Risk mitigation – Through adherence to ESG principles, companies potentially mitigate regulatory and governance risks.

Long-term performance – There is growing evidence that integrating ESG principles into the investment process has the potential to positively impact risk-adjusted performance.  Research suggests that ESG performance is an effective risk indicator, as companies with poor ESG performance have been more prone to stock market underperformance, volatility, and bankruptcy risk.*  A 2016 study led by George Serafeim of Harvard Business School found that stocks of companies with strongest performance on material ESG issues outpaced those with poor ESG performance.

We’ve seen two big areas of change this year that appear to be accelerating the trend to ESG investment. Investors are looking closely at the response companies have made to these areas.

The first is COVID-related. Many companies have had to restructure their working conditions ensuring a healthy work-life balance for employees working from home, as well as creating a safe environment for employees and customers at the office or job site. Nature has been one of the biggest beneficiaries from a global pause in travel and movement. Where we once saw smog-filled cities around the world, we’re now seeing clear, clean air. Of course, some level of activity will no doubt return over time, but many companies and employees are learning how productive home offices, remote meetings and virtual conferences can be.  Moreover, the work-from-home transition has accelerated the transformation towards paperless offices.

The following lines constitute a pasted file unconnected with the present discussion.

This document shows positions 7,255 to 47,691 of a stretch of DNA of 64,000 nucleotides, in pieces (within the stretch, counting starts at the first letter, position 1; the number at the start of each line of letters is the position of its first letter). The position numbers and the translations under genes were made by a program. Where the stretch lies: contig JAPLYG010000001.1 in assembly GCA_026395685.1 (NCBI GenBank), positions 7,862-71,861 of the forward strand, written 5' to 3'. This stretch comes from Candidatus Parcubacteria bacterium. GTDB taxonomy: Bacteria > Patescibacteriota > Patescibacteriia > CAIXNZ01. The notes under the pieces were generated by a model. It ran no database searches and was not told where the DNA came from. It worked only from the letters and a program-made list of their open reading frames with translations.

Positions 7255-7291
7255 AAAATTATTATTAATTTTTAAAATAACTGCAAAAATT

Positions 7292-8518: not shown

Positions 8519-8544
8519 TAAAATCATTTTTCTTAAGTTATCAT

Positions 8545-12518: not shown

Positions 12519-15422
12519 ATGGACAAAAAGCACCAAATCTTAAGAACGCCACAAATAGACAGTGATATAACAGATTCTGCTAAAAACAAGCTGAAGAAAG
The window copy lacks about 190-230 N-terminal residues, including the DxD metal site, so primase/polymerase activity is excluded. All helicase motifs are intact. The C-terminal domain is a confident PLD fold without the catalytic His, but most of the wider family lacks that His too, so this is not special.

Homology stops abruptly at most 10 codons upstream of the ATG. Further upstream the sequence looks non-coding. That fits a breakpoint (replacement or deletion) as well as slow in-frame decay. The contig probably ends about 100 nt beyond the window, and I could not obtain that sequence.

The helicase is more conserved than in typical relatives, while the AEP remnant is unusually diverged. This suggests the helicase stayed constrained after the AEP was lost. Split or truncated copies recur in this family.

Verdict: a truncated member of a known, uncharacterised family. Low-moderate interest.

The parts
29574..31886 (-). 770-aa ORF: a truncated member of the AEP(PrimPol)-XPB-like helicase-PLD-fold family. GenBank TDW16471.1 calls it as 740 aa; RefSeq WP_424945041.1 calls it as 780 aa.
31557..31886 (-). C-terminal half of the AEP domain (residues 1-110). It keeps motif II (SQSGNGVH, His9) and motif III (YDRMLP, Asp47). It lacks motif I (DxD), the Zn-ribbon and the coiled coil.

Second, it has become increasingly clear that not enough has been done to close racial gaps and disparities that have existed for decades, and many companies have developed new or have renewed existing initiatives to help address this issue.

Companies are using these crises to make meaningful changes, not just to adapt to COVID-related challenges, but also to improve their environmental, social and corporate governance policies; increase technological investments that improve their resiliency; to build trust with employees, customers and shareholders; and to ultimately come out of this crisis stronger and better positioned.

Corporate leaders now recognize that effective management and communication of their sustainability efforts can benefit companies and all of their shareholders, from investors to employees to communities. More than 80% of S&P 500 companies now provide sustainability reports, a rapid rise from just 20% earlier this decade.  And, the popularity of ESG investing has been increasing.  In 2018, $1 in every $4 under professional management in the US was in sustainable investing.